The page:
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7 Things: The economy is about to see a pretty tough time as the Fed raises interest rate, two Alabamians are missing in Ukraine and more …

7. LGBTQ+ flag on cannon painted over

  • The cannon that had been painted with an LGBTQ flag for Pride Month in Mobile has been mostly covered with black paint. The cannon was covered overnight, and an arrest has been made in the situation.

  • According to Mobile Police, the individual who painted the cannon was a homeless man by the name of Phillip Dean. He was arrested after officers responded to reports of a person painting the cannon.

6. More fallout from the AL-5 congressional debate

  • Sparks and accusations flew during the debate to see which Republican will attempt to replace U.S. Representative Mo Brooks (R-Huntsville). The most notable moment involved a reference to former Huntsville superintendent Casey Wardynski’s relationship with his current wife, Karen, who had a contract with the school system. Madison County Commission chairman Dale Strong noted Wardynski resigned over the relationship, to which Wardynski took offense during the debate, and his wife took offense after. Karen Wardynski and Strong had a confrontation after the debate where Karen told Strong, “I’m coming after you. I’m going to get you,” to which Strong responded, “OK, no-bid contract.”
  • Additionally, it has been revealed that there was Critical Race Theory training at Huntsville City Schools while congressional candidate Casey Wardynski was superintendent of the school district, but Wardynski has responded to the issue by blaming the desegregation order for the oversight. Wardynski mentioned how the federal government still had a hand in the Huntsville City School and Madison County School districts, adding, “[I]f they want to impose on you, what they imposed on Huntsville in 2015 was a thing called culturally responsive training. This was to basically – understand the culture of the kids you’re teaching, so when you teach, it is relevant to their world.”

5. Fentanyl should be labeled as a weapon of mass destruction

  • U.S. Representative Barry Moore (R-Enterprise) announced that he was co-sponsoring legislation to label fentanyl as a weapon of mass destruction, announcing his support in a speech where he also noted, “Last year alone, fentanyl killed more Americans than any weapon of mass destruction in our nation’s history.”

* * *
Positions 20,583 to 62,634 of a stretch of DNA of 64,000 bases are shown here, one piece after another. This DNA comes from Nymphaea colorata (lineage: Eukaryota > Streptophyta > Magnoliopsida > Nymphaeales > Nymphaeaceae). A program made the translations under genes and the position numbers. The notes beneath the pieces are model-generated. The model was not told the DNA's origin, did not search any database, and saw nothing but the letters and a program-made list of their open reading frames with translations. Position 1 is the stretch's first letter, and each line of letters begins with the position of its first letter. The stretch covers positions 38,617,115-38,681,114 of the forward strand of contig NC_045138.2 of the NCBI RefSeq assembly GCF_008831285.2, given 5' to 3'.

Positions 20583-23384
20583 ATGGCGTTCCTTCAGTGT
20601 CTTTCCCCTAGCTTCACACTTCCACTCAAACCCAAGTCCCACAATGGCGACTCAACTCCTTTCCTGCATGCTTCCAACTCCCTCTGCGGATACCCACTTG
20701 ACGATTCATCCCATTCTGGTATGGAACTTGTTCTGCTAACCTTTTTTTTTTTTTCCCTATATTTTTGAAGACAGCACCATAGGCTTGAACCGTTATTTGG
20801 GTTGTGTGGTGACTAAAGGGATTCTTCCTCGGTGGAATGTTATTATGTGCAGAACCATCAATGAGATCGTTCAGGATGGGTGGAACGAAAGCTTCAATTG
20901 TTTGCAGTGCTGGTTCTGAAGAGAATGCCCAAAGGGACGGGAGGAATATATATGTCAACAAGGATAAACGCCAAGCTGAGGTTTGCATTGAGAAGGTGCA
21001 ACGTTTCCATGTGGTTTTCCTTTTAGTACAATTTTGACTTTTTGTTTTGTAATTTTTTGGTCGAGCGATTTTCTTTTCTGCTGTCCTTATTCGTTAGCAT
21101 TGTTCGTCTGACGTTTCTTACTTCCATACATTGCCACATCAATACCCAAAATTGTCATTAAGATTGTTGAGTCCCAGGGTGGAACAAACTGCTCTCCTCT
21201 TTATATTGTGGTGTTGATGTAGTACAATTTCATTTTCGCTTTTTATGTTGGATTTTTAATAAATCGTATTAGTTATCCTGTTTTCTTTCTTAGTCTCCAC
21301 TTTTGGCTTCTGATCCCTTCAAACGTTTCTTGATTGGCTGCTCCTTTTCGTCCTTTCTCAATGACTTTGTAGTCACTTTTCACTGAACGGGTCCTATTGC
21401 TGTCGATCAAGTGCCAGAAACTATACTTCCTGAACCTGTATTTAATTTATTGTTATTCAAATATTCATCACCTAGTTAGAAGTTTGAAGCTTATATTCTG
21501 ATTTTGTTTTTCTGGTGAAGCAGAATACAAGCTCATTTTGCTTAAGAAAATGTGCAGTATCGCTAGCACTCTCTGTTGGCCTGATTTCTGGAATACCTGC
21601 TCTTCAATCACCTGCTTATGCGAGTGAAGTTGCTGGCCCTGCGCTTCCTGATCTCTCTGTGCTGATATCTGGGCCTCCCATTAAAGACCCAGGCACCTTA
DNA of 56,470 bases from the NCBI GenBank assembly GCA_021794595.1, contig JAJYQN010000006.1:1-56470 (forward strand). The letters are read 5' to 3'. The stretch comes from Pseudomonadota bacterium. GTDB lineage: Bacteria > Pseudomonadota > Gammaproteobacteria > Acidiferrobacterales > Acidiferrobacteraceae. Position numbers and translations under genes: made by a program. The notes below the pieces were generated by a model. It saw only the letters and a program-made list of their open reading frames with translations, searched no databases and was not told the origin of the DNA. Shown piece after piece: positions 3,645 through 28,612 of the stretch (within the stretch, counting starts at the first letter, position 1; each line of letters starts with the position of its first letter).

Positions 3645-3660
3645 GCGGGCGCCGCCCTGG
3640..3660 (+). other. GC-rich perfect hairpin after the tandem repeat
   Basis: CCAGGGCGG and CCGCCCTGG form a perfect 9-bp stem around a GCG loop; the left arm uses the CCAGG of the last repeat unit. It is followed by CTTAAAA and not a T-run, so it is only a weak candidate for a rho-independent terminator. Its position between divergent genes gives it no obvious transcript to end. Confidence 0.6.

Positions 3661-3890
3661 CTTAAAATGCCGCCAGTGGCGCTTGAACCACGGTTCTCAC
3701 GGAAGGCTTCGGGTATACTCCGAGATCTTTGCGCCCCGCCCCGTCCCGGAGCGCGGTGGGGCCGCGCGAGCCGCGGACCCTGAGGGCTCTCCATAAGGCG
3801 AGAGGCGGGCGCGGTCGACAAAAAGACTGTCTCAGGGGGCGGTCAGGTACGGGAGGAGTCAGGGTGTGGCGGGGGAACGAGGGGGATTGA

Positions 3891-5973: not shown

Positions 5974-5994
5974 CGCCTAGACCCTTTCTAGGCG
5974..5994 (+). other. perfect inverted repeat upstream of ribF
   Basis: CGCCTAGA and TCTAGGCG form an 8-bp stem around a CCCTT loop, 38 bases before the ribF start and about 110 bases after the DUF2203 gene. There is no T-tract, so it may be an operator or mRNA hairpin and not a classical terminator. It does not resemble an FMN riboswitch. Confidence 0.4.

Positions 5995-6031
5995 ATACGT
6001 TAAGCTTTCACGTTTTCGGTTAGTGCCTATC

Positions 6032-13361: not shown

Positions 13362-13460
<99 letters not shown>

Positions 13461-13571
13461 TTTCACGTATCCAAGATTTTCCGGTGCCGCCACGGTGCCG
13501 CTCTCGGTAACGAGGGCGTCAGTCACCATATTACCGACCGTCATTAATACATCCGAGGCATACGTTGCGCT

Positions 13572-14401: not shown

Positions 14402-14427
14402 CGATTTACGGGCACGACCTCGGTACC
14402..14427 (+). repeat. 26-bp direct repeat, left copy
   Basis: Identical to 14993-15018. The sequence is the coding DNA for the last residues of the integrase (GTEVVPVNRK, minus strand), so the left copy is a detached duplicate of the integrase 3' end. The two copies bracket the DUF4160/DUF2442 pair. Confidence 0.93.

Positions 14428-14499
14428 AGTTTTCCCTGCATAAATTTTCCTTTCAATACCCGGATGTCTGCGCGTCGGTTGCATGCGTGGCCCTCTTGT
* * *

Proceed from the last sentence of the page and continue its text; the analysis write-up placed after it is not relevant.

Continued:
• Moore went on to say that the drug “is now the number one cause of death for Americans aged 18-45 – not guns, not COVID-19, not even car accidents, but fentanyl.” Moore added that the unmanaged crisis at the southern border was the cause for some of this, and said, “We can’t turn the other way as Mexican drug cartels kill thousands of young Americans. We must take the fentanyl threat seriously, and we must secure our border.”

4. Abortions have increased

  • From 2017 to 2020, there has been an increase in abortions nationally, including in Alabama. Guttmacher Institute released data recently that showed there had been an increase in abortions by 8% nationally. In Alabama, there were 7,466 abortions in 2020, which was only a slight decrease from 2019, but each year has seen more abortions since the 6,768 in 2017.

  • There are now 14.4 abortions per 1,000 women in the United States. Dividing the country by region, there were increases everywhere with 2% in the Northeast, 8% for the South, 10% for the Midwest and 12% for the West.

3. Two Alabamians are lost in Ukraine

  • The families of two young Alabama men are seeking the help of their respective congressional representatives to track down their sons in Ukraine after both went to the country to help during Russia’s invasion.

  • Andy Tai Ngoc Huynh of Trinity and Alexander Drueke of a Tuscaloosa are a part of a small group of military veterans that have joined the fight in Ukraine. Both U.S. Representatives Robert Aderholt (R-Haleyville) and Terri Sewell (D-Birmingham) have been in contact with multiple agencies in the United States government as part of the effort to track the men down. Sewell noted, “We will continue to do everything in our power to assist in locating him and finding answers for his family.”

2. The economy is tanking; Today’s distractions are ‘LGBTQ… L… I… +’ bathroom bills

  • President Joe Biden gave his speech at the White House during a Pride Month event where he discussed “the ultra-MAGA agenda attacking families and our freedoms,” noting that there have been “[t]hree-hundred discriminatory bills introduced in states across this country.”
  • The White House also announced a new executive order meant to combat state legislation that was viewed as anti-LGBTQ. The executive order will also require the Department of Education to release “a sample school policy for achieving full inclusion for LGBTQI+ students,” and address “the impacts of state laws that target LGBTQI+ students.”

1. Interest rates going up to stop inflation

  • For the first time in almost 30 years, the benchmark interest rate has been raised by 75 basis points by the Federal Reserve. The move is intended to help slow inflation, but could also further hinder economic growth in the country.

  • The last time there was an action like this was 1994. It’s expected, though, that the benchmark interest rates could rise to 2008 levels by the end of this year. Before this decision, it was only expected that there would be a 50 basis-point increase.